Monday, 30 September 2013

New Kid On The DOC.

If you're on Twitter, towards the end of last week you may have noticed the addition of the "#OurD" hashtag on numerous tweets from members of the DOC. Well, on Friday, all was explained to us. There's a new kid on the DOC: Our Diabetes.

Taken directly from their website:

"Our Diabetes is a community led, community focused platform that enables people with diabetes to be empowered, educated and supported in their condition.

Our aims are to give people within the diabetes online community (#doc) a voice by hosting their own 'tweet' chats on a diabetes topic of their choice. As the diabetes community continues to grow and develop we recognise the need to bring people together to share resources, ideas, experiences and opinions.

Our Diabetes also strives to provide trusted health care information that will help you to understand more about your diabetes as well as highlight events, campaigns, current and future research and technologies.
We see success in connecting and communicating. We believe that connecting like minded people will allow them to reach resources and other platforms that can benefit them and their diabetes. By communicating we can share knowledge in a welcoming, safe and transparent environment."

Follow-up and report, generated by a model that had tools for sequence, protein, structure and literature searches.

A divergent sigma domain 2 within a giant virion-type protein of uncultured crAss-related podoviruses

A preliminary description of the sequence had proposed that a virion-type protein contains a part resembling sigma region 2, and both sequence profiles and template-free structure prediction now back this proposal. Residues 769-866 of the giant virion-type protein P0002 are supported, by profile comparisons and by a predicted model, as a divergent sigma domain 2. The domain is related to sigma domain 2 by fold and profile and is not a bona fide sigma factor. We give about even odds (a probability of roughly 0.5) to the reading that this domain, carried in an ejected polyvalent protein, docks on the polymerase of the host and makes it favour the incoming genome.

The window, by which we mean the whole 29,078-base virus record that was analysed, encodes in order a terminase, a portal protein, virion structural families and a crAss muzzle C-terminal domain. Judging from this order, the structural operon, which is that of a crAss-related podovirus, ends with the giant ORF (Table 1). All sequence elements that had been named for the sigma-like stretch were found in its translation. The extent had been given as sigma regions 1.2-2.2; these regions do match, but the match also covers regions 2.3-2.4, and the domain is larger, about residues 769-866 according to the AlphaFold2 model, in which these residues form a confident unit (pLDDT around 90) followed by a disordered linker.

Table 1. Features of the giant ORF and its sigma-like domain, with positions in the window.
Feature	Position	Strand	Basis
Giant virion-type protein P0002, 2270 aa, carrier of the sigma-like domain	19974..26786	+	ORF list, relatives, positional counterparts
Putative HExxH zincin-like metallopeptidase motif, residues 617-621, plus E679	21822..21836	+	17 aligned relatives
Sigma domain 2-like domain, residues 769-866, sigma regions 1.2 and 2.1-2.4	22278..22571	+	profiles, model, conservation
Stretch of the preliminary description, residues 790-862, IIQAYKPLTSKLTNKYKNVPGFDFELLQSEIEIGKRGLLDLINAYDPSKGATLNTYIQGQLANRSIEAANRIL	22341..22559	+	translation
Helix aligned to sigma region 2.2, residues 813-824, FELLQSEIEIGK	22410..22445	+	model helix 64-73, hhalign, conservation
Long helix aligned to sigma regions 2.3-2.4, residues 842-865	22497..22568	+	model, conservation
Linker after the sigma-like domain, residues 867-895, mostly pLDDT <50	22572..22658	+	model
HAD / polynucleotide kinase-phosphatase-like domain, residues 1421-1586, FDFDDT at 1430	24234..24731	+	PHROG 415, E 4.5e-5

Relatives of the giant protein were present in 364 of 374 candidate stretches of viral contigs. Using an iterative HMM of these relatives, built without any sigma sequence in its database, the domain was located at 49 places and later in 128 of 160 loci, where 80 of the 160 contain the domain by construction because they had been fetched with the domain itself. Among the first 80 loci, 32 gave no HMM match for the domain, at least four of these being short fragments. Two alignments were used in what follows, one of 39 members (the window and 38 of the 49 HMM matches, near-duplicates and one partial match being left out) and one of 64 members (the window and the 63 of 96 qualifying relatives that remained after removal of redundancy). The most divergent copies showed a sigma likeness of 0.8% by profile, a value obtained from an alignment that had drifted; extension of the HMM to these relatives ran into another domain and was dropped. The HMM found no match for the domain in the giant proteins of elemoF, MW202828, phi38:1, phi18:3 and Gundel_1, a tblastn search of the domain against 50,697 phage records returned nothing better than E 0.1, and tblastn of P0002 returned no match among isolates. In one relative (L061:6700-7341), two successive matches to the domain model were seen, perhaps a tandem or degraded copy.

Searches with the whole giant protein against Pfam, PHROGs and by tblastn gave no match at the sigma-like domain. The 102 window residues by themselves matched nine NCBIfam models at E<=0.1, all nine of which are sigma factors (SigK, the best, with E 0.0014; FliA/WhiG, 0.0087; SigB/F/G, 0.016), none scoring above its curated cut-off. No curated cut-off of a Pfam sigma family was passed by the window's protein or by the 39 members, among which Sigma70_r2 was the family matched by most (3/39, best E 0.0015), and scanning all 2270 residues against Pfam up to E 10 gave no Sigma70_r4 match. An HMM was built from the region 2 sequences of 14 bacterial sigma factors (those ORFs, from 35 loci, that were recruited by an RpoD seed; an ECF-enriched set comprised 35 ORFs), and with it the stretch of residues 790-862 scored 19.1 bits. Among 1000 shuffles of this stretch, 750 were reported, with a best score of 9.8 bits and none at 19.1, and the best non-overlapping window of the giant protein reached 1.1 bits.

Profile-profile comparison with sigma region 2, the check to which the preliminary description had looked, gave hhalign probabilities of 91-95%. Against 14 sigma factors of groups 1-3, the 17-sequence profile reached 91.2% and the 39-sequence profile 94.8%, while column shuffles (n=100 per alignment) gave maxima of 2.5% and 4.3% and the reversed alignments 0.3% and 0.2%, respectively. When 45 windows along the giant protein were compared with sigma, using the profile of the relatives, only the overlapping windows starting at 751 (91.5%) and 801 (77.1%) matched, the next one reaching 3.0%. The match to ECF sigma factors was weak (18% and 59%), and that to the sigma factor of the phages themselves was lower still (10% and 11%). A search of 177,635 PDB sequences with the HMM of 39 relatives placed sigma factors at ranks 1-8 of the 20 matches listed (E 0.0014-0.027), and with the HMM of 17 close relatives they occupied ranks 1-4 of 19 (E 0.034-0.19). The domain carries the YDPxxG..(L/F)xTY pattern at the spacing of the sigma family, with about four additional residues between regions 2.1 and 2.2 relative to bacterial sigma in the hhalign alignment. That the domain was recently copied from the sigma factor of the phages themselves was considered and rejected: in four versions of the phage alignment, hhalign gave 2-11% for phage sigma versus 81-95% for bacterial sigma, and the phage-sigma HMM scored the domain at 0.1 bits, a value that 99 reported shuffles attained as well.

So, every Tuesday, starting from October 15th 2013, between 8pm and 9pm (write date and time in your diary) there will be a new tweet-chat taking place using the hashtag "#OurD". Being a community-led organisation, if you will, if there's a topic you would like to discuss during this hour you can contact the lovely team behind this idea and give them your suggestions. You can even host if you want to! Just use the "Contact Us" link on their page and let them know when you would like to host.